Seismic waves move faster through flowing rock because the pressure deforms the crystals of olivine, a mineral common in the mantle, and stretches them in the same direction. By looking for faster seismic wave movement, scientists can map where the mantle is flowing today and where it has flowed in the past.

Three basic forces are believed to drive oceanic plate movement: plates are “pushed” away from mid-ocean ridges as new sea floor forms; plates are “pulled” as the oldest parts of the plate dive back into the earth at subduction zones; and convection within the asthenosphere helps ferry the plates along. If the dominant flow in the asthenosphere resulted solely from “ridge push” or “plate pull,” then the crystals just below the plate should align with the plate’s movement. The study finds, however, that the direction of the crystals doesn’t correlate with the apparent plate motion at any depth in the asthenosphere. Instead, the alignment of the crystals is strongest near the top of the lithosphere where new sea floor forms, weakest near the base of the plate, and then peaks in strength again about 250 kilometers below the surface, deep in the asthenosphere.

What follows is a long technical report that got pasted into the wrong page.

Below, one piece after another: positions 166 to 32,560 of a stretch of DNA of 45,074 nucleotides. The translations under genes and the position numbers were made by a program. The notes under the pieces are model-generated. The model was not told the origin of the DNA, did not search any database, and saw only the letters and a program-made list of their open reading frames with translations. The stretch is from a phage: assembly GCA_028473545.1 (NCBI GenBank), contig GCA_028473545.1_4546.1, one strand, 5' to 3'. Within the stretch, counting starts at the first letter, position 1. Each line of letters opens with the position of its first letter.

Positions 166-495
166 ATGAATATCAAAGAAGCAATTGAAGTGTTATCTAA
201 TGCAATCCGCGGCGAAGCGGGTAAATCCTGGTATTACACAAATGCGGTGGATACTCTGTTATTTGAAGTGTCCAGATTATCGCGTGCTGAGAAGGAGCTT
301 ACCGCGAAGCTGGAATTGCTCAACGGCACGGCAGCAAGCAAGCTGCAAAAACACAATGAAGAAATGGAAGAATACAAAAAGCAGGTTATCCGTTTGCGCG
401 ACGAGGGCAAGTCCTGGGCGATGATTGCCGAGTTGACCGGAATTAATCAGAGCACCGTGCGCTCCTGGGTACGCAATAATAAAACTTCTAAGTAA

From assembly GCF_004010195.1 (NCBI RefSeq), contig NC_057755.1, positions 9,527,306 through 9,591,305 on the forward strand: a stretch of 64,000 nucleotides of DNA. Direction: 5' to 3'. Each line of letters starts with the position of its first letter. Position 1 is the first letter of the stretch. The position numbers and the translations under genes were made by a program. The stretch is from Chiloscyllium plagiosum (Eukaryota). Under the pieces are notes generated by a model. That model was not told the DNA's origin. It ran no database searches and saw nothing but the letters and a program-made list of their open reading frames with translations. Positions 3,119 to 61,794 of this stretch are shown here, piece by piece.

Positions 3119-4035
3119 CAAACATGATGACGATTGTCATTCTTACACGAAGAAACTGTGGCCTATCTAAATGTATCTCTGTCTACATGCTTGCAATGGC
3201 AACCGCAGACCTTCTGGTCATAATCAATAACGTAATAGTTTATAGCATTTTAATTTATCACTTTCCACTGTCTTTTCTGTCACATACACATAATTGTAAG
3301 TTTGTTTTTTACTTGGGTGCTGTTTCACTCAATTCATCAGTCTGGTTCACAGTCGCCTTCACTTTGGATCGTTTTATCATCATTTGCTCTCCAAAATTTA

“If the main flow were the mantle being sheared by the plate above it, where the plate is just dragging everything with it, we would predict a fast direction that’s different than what we see,” said coauthor James Gaherty, a geophysicist at Lamont-Doherty. “Our data suggest that there are two other processes in the mantle that are stronger: one, the asthenosphere is clearly flowing on its own, but it’s deeper and smaller scale; and, two, seafloor spreading at the ridge produces a very strong lithospheric fabric that cannot be ignored.” Shearing probably does happen at the plate boundary, Gaherty said, but it is substantially weaker.